Early treatment gives best GH response even in infancy

Eleanor McDermid
J Pediatr Endocrinol Metab 2017; Advance online publication
01 February 2018

medwireNews: The benefits of prompt growth hormone (GH) treatment are apparent even in patients diagnosed as deficient at a very young age, a study suggests.

The researchers also found that treatment response differed according to whether the patients had multiple pituitary hormone deficiency (MPHD) or isolated GH deficiency (IGHD). And they investigated the effect of mini-puberty, finding some evidence of better growth in patients without hypogonadotropic hypogonadism.

Age was associated with treatment response even among the very young patients in this study, who received GH at an average dose of 42 μg/kg per day from an average age of 12.4 months. The children (n=67) gained more height/length during the first than second year of treatment, at respective averages of 15.0 and 10.4 cm.

The 24 children who started treatment by the age of 12 months had markedly better growth during the first year of treatment than the 34 who started treatment between 12 and 36 months of age, increasing their height/length by 17.6 versus 12.8 cm. Growth during the second year of treatment also tended to favour those who started younger, although the difference was smaller, at 12.4 versus 9.9 cm.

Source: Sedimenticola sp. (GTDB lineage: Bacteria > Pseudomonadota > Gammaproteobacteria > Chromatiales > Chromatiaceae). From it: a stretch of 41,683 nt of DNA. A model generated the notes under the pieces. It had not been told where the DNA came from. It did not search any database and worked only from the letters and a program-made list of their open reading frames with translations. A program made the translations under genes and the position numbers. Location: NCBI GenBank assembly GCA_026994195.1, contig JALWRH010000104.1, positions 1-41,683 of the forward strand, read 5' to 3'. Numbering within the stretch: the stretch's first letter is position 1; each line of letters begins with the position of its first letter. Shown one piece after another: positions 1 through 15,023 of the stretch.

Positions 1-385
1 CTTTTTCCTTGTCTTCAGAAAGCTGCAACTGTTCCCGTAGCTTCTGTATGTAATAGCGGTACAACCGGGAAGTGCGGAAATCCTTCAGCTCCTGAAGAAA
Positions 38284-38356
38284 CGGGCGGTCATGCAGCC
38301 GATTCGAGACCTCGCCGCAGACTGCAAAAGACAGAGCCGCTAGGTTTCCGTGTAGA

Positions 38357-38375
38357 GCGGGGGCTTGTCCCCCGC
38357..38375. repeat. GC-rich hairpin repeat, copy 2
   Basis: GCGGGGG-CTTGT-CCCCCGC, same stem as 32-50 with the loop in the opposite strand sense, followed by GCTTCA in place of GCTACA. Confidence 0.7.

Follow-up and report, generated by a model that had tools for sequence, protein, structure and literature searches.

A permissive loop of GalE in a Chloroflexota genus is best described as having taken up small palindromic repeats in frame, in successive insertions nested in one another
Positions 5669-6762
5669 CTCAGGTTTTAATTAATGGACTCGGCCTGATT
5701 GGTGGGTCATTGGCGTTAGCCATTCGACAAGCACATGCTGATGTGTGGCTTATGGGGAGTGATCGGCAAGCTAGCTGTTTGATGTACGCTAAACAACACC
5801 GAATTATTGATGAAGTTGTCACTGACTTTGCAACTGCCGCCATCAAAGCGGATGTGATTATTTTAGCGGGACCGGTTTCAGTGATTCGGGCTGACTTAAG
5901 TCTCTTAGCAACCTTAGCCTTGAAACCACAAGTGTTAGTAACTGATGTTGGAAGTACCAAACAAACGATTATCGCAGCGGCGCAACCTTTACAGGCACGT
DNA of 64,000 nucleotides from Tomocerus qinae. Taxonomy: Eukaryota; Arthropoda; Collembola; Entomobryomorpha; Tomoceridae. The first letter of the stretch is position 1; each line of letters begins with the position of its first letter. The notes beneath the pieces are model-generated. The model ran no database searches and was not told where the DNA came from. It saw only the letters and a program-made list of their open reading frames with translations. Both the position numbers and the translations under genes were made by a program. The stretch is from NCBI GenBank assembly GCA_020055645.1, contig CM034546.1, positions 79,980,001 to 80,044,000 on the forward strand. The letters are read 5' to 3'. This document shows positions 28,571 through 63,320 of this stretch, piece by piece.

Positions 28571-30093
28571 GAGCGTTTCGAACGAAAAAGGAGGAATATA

Fifty of the children had MPHD and were diagnosed younger, on average, than the 17 with IGHD, so treatment was started younger, at 11.6 versus 14.8 months. Children with MPDH gained significantly more height than those with IGHD during their first year of GH treatment, gaining an average of 15.5 versus 13.6 cm. Their treatment responses did not differ during the second year, however.

Among patients with available data, 25 had hypogonadotropic hypogonadism, defined as cryptorchidism and micropenis at the age of 6 months, as well as low basal gonadotropin and testosterone levels in the mini-pubertal period. Growth among these patients did not significantly differ from that in the 22 patients without hypogonadism; however, the change in average length/height standard deviation score was 1.3 and 2.0, respectively, favouring the group without hypogonadism.

Change in bodyweight during the first year also favoured patients with a normal mini-puberty, report Semra Çetinkaya (Health Sciences University, Ankara, Turkey) and study co-authors in the Journal of Pediatric Endocrinology and Metabolism.

In addition, the researchers say that they found a correlation between GH dose and growth response, although only during the second year of treatment. This shows the importance of optimising GH dose, especially after the first year, they observe.

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